Sometimes it’s malice looking like stupidity

Hong Kong’s hapless excuse for a government is floundering half-entertainingly as it tries to bludgeon through the CCP’s Sovereign Right to Snatch Enemies System.

The parallels with the Article 23 mess in 2003 are too good to resist. Widespread and unexpected opposition, underpinned by deeper discontent. Feeble and unconvincing last-minute concessions (including a wonderfully embarrassing Joseph Lau statute of limitations). A (potentially ominous) big march (on June 9). Even the Liberal Party’s James Tien doing his naughty Manneken Pis routine on the government.

And then there’s the government officials’ own dismal performance in selling the thing.

Even for a dire threat to rights and freedoms, the initiative has been badly handled from the start. Beijing officials demand the outcome, but don’t care about the methods. Officials could have packaged and introduced it in a less hurried, less panic-stirring way. Instead, they dumped it on the table and allowed 20 days in February for (presumably straight-in-the-bin) public comments, with a stated aim to get it through the legislature pronto.

It was almost as if someone in the local power structure wanted to undermine it by not exactly trying hard to avoid a possibly alarming manner of presentation.

Yes – we usually associate the Hong Kong bureaucrat-leaders with stupidity that just looks like malice. But this isn’t the first time the local administration has treated a CCP edict with unusual clumsiness. Article 23 aside, the attempt at introducing National Education late in Chief Executive Donald Tsang’s term was a joke.

I declare the weekend open with some illuminating reading material…

It’s not just Hong Kong’s freedom going down the tubes – the quality of life is plummeting too. Did you know a single liner berthed at the cruise terminal emits as much sulphur dioxide as 25,000 diesel buses? And the government wants to dig up parks in order to cram more car parks and shopping palaces for tourists into the city. Meanwhile, Taiwan legalizes gay marriage and works out – with little apparent fuss – how to do recycling of garbage. (Not bad for a country that doesn’t even exist.)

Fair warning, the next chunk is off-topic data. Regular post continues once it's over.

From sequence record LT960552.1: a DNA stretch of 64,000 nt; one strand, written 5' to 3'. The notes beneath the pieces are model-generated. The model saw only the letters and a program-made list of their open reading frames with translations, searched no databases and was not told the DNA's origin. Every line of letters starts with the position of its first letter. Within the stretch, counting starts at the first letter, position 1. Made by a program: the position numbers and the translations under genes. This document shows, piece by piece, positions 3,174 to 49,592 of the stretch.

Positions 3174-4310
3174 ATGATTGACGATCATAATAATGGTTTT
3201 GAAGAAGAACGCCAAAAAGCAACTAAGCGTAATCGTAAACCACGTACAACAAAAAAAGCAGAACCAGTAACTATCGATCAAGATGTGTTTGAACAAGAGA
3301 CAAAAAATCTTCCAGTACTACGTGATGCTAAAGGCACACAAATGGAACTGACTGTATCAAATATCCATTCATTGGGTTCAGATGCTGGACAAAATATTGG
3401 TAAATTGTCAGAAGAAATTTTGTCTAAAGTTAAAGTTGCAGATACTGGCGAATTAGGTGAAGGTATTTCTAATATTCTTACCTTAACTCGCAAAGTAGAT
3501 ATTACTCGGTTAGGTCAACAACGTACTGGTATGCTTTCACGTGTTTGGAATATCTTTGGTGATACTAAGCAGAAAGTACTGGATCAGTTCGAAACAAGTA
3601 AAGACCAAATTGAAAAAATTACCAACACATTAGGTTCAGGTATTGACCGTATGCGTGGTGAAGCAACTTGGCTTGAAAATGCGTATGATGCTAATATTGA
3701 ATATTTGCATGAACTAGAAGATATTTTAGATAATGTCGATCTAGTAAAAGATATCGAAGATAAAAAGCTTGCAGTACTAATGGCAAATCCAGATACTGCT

For a quick laugh: a not very flattering profile of China’s ambassador to Canada (and an alternative view, that the guy is perhaps helping Canada out).

There are a lot of these around right now, but here’s an especially good and succinct reflection on June 4. (My own contribution is in HK Free Press soon.) In a similar lest-we-forget (or barely ever realized) vein, the role of anti-African sentiment in the run-up to Tiananmen.

And some good news: Badiucao is back, and there’s even a movie.

This site’s relocation to its new host is going nicely – they’re loading up all the stuff from years back into trucks and moving it over to a better-run neighbourhood. Just the throne left, now. Before exciting re-launch, however, a few days in Japan.  

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3 Responses to Sometimes it’s malice looking like stupidity

  1. Park Ranger says:

    So, they are planning to destroy Kowloon Park in TST and turn it into an underground mall. Because TST presumably does not have enough tourists. Or, perhaps, malls. And they say (from Stage 1 of a ‘Public Engagement’ exercise that I’d never heard of) that Joe Public are generally ‘in favour’ of this. Phew! What took them so long to identify the only green areas in TST west? Thank goodness someone in the HKSARG is thinking to improve ‘pedestrian connectivity’ and providing a ‘holistic planning approach’.

    Meanwhile, or maybe, instead: how about just not flooding the place with people?

  2. Stanley Lieber says:

    @Park Ranger

    “How about just not flooding the place with people?”

    One hopes the exciting new Big Lychee upgrade includes a fine-mesh filtration system that prevents such crazy comments from appearing on the site.

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